Sunday, September 30, 2012

D.N.M.: Under ADAAA, Back Injury that Prevents Lifting More than 60 Pounds or Climbing Utility Poles May Be a Disability

Last week, Judge Martha Vazquez of the United States District Court for the District of New Mexico issued an opinion denying a motion to dismiss in Rico v. Xcel Energy, Inc., ___ F. Supp.2d ___, 2012 WL 4466631 (D.N.M., Sept. 25, 2012).  Rico experienced a back injury at work, which prevented him from lifting more than 60 pounds or climbing utility poles -- both of which were requirements of his position.  He requested a transfer to a position for which he would not have to lift more than 60 pounds or climb utility poles, but his employer rejected that request and terminated him (though it ultimately rehired him in a lower-paying position and wiped out his seniority).  He sued under the ADA.  The employer moved to dismiss on the ground that Rico did not have a disability, because the inability to lift more than 60 pounds or climb utility poles did not substantially limit any major life activity.

The court denied the motion.  The employer had relied on pre-ADAAA cases holding that even more severe lifting restrictions (e.g., no more than 25 pounds) did not substantially limit major life activities, but the court concluded that those cases were overturned by the ADAAA.  The court explained:
The express language of the ADAA and its interpretative regulations thus call into question the continued precedential value of pre-amendment cases, such as those cited by Defendants, which well might have applied a higher degree of functional limitation than is now permissible under the statute to determine whether lifting restrictions are stringent enough to qualify an individual as disabled.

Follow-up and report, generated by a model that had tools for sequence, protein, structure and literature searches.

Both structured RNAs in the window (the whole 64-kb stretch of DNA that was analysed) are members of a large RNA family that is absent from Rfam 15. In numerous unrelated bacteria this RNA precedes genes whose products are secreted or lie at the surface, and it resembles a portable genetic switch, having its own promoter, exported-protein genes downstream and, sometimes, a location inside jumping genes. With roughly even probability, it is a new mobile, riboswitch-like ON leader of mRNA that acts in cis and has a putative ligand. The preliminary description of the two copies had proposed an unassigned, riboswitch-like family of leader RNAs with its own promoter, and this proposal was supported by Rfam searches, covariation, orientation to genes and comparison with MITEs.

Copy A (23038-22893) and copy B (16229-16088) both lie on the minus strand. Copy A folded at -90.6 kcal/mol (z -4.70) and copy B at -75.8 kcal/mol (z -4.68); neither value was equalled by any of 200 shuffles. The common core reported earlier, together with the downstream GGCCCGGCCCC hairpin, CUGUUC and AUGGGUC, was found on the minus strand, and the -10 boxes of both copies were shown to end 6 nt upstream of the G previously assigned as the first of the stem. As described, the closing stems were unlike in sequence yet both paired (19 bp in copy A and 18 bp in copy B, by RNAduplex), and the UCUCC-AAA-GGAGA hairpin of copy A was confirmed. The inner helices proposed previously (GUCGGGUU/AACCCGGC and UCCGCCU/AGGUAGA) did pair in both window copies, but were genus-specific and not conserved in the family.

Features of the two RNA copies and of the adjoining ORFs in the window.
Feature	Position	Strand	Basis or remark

* * * 
Under the broadened standards of the ADAAA, the Court finds Plaintiff's allegations as to his disability sufficient to withstand the pleading requirements of Rule 12(b)(6). According to the Complaint, Plaintiff's condition renders him unable to climb utility poles or engage in heavy lifting. Post-surgery, his doctor limited him to work that did not involve lifting over sixty pounds or climbing utility poles. Moreover, Southwestern recommended that Plaintiff apply for long-term disability benefits. These allegations, read in the light most favorable to Plaintiff, are sufficient to raise an inference that Plaintiff was disabled at the time of his termination. Accordingly, the Court would be premature in dismissing Plaintiff's ADA claim at this stage of the litigation.

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